George Clooney and Julia Roberts make a bad investment in ‘Money Monster’ 

2 stars: Losing bet

click to enlarge Irate investor Jack O'Connell asks financial TV-show host George Clooney where all his money went.
  • Irate investor Jack O'Connell asks financial TV-show host George Clooney where all his money went.
Some films are ruined by an accumulation of minor mistakes. Others make one or two major errors that doom an otherwise competent effort. Money Monster is the latter type.

The financial thriller directed by Jodie Foster and starring George Clooney, Julia Roberts and Jack O’Connell actually makes three of them. First, its misplaced (and mostly failed) attempts at humor turn what might have otherwise been an edge-of-your-seat suspense film into a tonally challenged shrug fest. Second, a third-act decision (which reveals something to the audience that should have been kept secret until the final scene) sucks out even more tension. Third, and most destructive, is the decision – spoiler alert! – by the writers to make the villain not the system itself, but a single person we don’t really know and don’t care about.

But let’s back up. Clooney is Lee Gates, the host of an ostentatious and just plain inaccurate financial-advice show. Think Jim Cramer (of Mad Money) meets Rush Limbaugh, with dancing showgirls. Even the show’s co-producer (Roberts) admits, “Hell, we don’t do journalism. Period.”

Into this odd mash-up of spectacle and pretend-news steps Kyle Budwell (O’Connell, in the film’s best performance), a regular working stiff who saw his entire inheritance wiped out when a supposed computer glitch erased $800 million from the value of the company in which he invested (IBIS Clear Capital). He wants answers, and he’s willing to storm the show’s studio – with a loaded gun and bomb vests – to get those answers on live television. Specifically, he wants them from both the CEO of IBIS (who was scheduled to appear on the show that day) and Gates, who had promised viewers that IBIS was the investment equivalent of the Rock of Gibraltar.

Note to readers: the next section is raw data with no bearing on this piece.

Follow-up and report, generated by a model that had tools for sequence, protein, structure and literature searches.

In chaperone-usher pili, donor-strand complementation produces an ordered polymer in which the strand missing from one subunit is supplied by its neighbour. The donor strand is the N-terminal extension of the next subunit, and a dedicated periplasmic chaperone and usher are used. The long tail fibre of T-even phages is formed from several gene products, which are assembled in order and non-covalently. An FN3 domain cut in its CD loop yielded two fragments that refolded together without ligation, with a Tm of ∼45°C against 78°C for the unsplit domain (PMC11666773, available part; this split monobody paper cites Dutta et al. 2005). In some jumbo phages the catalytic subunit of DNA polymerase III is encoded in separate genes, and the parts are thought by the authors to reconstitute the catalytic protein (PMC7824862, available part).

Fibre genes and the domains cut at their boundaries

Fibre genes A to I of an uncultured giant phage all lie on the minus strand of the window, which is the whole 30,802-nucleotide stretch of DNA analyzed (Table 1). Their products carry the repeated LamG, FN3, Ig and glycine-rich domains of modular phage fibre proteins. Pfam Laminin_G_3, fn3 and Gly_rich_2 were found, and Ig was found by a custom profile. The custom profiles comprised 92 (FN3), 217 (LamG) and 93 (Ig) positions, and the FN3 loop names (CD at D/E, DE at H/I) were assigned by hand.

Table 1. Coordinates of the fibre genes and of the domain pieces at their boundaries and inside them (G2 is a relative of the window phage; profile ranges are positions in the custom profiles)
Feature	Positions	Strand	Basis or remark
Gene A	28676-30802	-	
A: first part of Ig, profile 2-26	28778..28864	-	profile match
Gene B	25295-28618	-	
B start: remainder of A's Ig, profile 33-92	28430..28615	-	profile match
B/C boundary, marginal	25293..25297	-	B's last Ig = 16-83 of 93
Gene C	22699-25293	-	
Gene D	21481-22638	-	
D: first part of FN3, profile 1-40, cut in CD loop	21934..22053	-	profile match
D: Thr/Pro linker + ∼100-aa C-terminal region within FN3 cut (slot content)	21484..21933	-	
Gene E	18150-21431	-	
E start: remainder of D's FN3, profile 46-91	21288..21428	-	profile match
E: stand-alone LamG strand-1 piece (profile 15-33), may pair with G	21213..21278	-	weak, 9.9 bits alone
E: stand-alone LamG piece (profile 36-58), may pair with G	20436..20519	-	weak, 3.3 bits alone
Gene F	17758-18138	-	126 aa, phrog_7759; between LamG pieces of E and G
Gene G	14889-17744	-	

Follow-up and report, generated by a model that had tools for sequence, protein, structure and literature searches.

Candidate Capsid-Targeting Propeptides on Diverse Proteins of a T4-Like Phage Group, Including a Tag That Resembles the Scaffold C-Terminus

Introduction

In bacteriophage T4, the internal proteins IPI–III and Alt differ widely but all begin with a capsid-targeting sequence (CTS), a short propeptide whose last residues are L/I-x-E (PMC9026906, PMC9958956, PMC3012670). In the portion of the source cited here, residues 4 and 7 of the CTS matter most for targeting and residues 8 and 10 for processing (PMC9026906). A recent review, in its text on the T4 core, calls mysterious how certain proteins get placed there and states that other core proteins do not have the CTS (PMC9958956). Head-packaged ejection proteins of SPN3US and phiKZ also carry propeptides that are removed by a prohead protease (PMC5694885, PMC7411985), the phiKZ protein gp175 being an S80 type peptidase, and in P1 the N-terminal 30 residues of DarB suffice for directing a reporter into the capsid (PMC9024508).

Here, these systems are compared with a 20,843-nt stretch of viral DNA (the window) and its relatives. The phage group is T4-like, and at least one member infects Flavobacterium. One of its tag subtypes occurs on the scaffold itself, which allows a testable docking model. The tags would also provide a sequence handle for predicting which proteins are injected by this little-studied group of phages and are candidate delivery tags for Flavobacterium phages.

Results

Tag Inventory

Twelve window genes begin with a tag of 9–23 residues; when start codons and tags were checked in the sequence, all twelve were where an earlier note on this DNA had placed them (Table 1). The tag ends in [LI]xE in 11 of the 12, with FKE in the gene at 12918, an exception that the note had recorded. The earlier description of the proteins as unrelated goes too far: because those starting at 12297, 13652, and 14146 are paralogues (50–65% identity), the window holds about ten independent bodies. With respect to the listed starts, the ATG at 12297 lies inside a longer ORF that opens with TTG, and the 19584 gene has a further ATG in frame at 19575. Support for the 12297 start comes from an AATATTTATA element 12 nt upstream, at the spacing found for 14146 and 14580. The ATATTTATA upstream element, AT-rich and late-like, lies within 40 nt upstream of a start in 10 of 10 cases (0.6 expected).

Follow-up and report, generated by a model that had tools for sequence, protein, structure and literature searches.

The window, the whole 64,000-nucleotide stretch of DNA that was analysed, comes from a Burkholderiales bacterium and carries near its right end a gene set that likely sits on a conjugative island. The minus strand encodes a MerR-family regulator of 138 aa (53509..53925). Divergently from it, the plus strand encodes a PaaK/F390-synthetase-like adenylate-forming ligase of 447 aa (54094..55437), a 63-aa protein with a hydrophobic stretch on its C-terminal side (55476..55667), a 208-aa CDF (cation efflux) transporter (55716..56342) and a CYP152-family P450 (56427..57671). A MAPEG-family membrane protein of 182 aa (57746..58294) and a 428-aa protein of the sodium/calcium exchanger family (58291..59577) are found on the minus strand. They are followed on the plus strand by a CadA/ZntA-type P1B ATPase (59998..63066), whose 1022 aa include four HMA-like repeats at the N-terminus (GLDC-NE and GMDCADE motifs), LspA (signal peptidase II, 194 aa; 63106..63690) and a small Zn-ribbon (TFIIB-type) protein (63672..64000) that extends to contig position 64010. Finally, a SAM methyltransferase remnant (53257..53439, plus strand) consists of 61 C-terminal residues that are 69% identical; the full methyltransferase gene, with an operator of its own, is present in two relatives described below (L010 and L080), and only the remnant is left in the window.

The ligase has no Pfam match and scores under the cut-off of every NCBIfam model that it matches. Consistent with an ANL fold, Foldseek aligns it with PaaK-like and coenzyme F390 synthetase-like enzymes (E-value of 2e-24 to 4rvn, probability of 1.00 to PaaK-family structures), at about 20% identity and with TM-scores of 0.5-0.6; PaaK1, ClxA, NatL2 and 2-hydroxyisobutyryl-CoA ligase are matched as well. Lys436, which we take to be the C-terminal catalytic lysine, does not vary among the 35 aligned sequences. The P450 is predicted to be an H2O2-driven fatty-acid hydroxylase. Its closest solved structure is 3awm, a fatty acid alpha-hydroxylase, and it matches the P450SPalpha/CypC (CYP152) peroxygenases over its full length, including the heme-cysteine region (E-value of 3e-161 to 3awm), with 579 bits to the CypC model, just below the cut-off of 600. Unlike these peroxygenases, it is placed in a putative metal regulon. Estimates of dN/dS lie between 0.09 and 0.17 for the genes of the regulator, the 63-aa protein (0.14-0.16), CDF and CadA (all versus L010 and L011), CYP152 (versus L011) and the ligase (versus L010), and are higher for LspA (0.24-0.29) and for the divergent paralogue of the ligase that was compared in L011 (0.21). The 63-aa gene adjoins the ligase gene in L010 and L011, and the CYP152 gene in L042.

It’s an intriguing, if slightly tired, premise. After all, we’ve seen similar (and more effective) examinations of financial corruption in The Big Short and Margin Call, not to mention sharper indictments of systemic greed in intellectual thrillers such as Network and The China Syndrome. However, the film that Money Monster most wants to mimic is Dog Day Afternoon. But while the latter classic stripped its story bare (with no music or frenetic visuals) to produce almost total authenticity, Money Monster takes the opposite path: optical bombardment, an overbearing score, plot twists that stretch credibility, and actors and filmmakers who seem at times to be phoning it in. (There’s even a snarky, wisecracking cop thrown in for B-movie measure.)

Foster can’t resist inserting moments of parody and ridiculousness. One assumes she is using these to comment on the immaturity and short attention span of society. And I enjoyed her homage to The Truman Show, when we see viewers casually returning to their foosball game seconds after watching real-life tragedy unfold on their televisions. But because these moments lack finesse, we laugh at the movie, not with it.

Despite the film’s flaws, it’s almost rescued by its brisk pace, its relatable subject matter and the charm of its lead actor. It’s not bad enough to prompt a downgrade of Clooney and Foster, but I still recommend you sell.


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